4 out of 4 stars
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McDowell by William H. Coles is a fictional novel that revolves around the story of Dr. Hiram McDowell (McDowell--as I'll refer to him for the rest of this review). He has risen to a position of President of Regents of international college of surgeons, having tricked Dr. Michael O'Leary successfully to back him up in his candidature. He later overlooks his promises to Dr. Michael (to a point him to a position of executive director). This earns him an enemy who later ends up engineering his downfall. McDowell is an avid mountain climber. He participates in marathon races. He also runs a foundation that upfronts surgery at Nepal. This act of charity has made a TV journalist, Paige Sterling, to investigate about him. Later, he is appointment as Secretary of Health and human resources in the United States of America.
McDowell is an egocentric, reckless man who doesn't care about his wife--he is rude and arrogant to his wife. He later divorces his wife after his son, Billie had successfully impregnated his half-sister, Tasha. What a confused family? More wickedly, McDowell resolves to kill his grandson who was being hospitalized after killing his fellow students at their school in a deadly mass shooting. This earns him an accusation of a second-degree murder case and subsequently sentenced for 25 years in jail. After One year and seven months, he successfully manages to escape his incarceration and seeks a hideaway. Will his seekers find him?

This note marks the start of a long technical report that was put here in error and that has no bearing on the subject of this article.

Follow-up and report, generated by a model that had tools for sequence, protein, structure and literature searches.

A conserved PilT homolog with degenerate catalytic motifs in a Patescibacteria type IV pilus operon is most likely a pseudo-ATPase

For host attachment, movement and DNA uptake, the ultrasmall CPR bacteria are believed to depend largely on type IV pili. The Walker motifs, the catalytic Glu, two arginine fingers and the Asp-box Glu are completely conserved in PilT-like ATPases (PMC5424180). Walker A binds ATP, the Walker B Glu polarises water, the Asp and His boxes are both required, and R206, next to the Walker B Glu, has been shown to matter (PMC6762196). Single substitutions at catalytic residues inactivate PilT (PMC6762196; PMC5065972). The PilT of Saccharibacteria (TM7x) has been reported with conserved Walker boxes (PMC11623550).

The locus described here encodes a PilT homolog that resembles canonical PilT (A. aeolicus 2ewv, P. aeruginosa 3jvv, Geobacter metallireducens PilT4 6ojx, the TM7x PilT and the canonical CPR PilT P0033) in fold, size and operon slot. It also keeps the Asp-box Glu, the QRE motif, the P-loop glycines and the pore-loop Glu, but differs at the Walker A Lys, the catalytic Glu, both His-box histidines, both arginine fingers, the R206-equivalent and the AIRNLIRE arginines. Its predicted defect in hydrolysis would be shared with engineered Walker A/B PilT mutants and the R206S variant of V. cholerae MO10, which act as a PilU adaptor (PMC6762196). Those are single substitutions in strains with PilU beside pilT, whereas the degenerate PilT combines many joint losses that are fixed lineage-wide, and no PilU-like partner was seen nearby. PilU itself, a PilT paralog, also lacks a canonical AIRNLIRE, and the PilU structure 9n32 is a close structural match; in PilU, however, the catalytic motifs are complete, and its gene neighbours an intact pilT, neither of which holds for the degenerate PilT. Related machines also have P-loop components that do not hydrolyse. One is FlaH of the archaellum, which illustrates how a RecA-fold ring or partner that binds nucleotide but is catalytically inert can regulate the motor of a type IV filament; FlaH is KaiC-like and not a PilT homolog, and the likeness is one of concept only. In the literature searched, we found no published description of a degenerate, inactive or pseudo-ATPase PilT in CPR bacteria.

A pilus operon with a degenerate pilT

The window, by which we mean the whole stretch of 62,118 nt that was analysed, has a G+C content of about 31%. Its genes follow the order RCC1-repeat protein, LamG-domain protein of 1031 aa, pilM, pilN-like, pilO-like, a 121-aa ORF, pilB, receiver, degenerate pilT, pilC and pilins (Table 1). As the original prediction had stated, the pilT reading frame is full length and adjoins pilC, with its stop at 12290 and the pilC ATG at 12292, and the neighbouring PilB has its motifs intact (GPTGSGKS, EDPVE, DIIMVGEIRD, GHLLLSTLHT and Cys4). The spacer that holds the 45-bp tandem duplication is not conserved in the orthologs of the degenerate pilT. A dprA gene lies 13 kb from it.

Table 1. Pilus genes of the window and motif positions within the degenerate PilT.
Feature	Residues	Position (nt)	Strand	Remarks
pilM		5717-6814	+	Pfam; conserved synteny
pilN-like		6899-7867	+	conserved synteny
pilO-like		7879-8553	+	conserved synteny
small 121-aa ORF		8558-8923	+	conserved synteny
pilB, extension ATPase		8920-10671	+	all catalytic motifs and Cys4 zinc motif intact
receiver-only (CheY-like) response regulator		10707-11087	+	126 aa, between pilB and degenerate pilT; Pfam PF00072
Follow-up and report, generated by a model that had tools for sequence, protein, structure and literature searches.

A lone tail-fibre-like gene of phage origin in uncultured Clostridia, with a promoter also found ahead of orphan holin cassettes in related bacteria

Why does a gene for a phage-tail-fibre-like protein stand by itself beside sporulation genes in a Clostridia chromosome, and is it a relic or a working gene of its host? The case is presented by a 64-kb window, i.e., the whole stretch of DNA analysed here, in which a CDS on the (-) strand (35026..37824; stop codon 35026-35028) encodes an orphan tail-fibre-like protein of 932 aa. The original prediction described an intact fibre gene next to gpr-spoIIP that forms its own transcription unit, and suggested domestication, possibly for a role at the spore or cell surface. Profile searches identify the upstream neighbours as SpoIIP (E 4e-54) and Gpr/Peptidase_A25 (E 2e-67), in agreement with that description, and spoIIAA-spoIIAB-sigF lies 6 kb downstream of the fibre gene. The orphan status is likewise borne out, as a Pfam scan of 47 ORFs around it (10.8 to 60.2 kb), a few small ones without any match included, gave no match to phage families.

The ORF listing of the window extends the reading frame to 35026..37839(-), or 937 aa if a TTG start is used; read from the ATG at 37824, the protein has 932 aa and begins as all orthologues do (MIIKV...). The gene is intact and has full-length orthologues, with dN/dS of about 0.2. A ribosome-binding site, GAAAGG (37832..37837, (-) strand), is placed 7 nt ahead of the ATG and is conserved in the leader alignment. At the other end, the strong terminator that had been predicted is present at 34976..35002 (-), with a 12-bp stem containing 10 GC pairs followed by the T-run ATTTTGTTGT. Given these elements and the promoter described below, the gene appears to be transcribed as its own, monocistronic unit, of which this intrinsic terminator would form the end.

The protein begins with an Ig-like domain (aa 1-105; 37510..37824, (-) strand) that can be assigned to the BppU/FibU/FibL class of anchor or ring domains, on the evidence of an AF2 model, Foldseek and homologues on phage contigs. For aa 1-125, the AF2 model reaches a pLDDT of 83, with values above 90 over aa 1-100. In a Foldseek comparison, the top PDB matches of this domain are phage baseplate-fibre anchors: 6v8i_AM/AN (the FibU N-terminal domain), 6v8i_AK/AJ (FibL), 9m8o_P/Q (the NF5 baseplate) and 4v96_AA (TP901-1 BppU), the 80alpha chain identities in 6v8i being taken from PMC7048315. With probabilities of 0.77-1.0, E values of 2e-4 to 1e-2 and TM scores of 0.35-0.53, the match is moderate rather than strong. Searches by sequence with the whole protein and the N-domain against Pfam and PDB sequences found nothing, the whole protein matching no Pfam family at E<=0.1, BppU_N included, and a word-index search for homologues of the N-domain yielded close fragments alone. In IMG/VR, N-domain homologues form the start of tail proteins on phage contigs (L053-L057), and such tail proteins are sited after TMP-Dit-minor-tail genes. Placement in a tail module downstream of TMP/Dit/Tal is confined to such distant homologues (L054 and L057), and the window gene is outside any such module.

This novel is separated into two parts. Part one deals with the life of the protagonist, McDowell before his incarceration, while part two deals with his life after incarceration. Going by the story I found it hard to like the protagonist of this novel. I'm tempted to think that once a professional stop caring for his family, the same is transferred to his/her profession. McDowell doesn't care about his friends. He doesn't respect his friends. I believe that life is more important irrespective of whether the owner is guilty or not. I don't actually understand why McDowell had to end his grandson's life on a mere account of his guilt. He is now forced to wander in forests, moving from one state to another, from city to city, town to town pondering over his fate.
I must confess that this is one of the best novels I have read so far this year. I liked the writing style of William H. Coles. I smiled, I laughed and frowned at times. To me, this novel was a page-turner. The book is full of twists and turns that will make you read until very late hours in the night. The characters are well developed and nicely introduced in away not to cause confusion to the reader. Some of the characters like Paige Sterling, Ann, Sophie, and Max Rojas are hard to forget. Most of the characters were real and engaging.
The only thing I can say I didn't like about this novel is that it lacked a sense of time. I could not exactly tell at what time certain activities were taking place. Otherwise, I liked almost everything about this novel. I didn't find any typos or grammatical error in this book. This made me think that it was professionally edited.
I can confidently rate this wonderful novel a 4 out of 4 stars--it deserves nothing less. The unique writing styles, professional editing and the general flow of this novel make it deserves such a rating. I recommend this novel to those who love good crime novels. However, I would not recommend it, young children, since there are some sexual contents in this novel. I'm looking forward to reading other books by William H. Coles.
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